The January issue of GQ magazine in Spain features Felipe de Borbon, crown prince, on the cover, with the title “The XXI Century King.” In a black-and-white portrait, he frowns, with his hand on his jaw, in a gesture of deep reflection — or preoccupation.
Surveys show that a large majority of the people in this country believe the transition to democracy would not have been possible without the King, Felipe’s father, who was the designated successor to dictator Francisco Franco. Now that democracy is consolidated, some Spaniards are questioning the need for a Monarch people never voted for, while others defend the continuity of the King’s role as a symbol of unity.
Pilar Rahola is a journalist and politician who favors government by a republic. “I think it is an outdated institution, an amusement park where the interest is in finding out how to dress or how to act but that it makes no sense these days. To me, it’s something like a Jurassic Park.”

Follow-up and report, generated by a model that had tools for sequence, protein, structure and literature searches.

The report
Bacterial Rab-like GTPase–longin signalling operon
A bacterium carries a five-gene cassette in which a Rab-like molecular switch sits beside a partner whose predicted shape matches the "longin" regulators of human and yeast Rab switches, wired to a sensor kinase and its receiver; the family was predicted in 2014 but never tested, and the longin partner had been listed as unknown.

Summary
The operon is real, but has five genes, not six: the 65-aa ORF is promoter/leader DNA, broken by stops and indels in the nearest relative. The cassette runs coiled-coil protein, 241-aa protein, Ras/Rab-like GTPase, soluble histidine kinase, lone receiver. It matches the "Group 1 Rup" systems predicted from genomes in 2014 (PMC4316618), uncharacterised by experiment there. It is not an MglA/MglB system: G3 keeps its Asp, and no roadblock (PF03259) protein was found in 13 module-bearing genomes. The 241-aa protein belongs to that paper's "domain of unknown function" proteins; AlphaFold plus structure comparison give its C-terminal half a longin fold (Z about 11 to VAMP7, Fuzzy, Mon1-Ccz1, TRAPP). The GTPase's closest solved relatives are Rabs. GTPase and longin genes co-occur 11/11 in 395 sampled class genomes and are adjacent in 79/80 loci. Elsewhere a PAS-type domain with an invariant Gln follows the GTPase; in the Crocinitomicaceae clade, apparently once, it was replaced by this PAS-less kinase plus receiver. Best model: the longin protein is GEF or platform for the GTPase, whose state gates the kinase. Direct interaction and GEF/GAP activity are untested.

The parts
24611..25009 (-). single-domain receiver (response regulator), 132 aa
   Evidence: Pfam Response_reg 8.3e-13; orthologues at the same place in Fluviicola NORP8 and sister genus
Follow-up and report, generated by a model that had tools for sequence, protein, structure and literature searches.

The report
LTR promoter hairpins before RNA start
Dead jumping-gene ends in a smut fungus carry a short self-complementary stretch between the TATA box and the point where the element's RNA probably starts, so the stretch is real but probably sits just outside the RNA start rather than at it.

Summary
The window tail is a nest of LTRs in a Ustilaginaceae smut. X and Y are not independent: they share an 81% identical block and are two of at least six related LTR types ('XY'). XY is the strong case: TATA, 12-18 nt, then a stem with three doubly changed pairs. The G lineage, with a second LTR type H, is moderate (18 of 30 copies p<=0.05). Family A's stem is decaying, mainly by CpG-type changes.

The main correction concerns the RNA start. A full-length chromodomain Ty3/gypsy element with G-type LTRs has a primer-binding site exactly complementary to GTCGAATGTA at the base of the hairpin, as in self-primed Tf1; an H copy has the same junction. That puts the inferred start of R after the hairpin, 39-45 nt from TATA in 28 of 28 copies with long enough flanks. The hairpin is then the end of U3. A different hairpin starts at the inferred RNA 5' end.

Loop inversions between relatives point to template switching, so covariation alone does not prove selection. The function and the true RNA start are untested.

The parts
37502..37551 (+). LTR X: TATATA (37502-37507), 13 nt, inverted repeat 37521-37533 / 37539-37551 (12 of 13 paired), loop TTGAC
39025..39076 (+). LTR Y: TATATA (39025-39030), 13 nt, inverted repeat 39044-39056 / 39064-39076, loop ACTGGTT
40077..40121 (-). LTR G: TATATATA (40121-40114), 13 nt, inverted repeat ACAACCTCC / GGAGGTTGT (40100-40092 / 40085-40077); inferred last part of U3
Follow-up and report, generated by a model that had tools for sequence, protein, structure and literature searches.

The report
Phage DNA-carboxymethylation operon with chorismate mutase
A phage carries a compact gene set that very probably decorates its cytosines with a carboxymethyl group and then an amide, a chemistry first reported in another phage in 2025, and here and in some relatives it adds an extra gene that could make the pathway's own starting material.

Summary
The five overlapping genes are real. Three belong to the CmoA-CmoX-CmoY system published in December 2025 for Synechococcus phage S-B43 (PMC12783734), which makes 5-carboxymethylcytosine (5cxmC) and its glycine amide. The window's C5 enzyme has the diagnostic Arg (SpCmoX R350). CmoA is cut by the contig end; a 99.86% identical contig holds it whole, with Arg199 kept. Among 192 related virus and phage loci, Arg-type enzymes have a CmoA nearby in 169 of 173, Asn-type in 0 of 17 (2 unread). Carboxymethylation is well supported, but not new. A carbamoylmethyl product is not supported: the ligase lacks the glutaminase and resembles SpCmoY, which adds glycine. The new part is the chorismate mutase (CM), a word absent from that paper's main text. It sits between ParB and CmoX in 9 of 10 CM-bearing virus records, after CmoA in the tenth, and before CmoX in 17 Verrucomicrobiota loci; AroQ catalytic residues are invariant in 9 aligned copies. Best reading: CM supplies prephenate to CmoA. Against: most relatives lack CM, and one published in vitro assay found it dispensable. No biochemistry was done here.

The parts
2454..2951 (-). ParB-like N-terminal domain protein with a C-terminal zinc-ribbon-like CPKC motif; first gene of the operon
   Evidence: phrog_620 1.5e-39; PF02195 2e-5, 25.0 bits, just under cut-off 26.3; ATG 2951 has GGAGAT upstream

David Gistau, author and journalist, told GQ, “The monarchy will survive as long as it sticks to its institutional script, and the excesses, luxury, hunts, yachts, etc. go unnoticed.”
Fashion designer Robert Verino said, “We have an excellent King that makes our monarchy unquestionable. For three reasons: Moral leadership, capacity for mediation, and extraordinary international prestige. As long as these continue, Monarchy has a long life assured in Spain.”
Philosopher Fernando Savater said, “I would like [...] for don Felipe to be able to run as a candidate in an election held by a republic. I would probably vote for him.”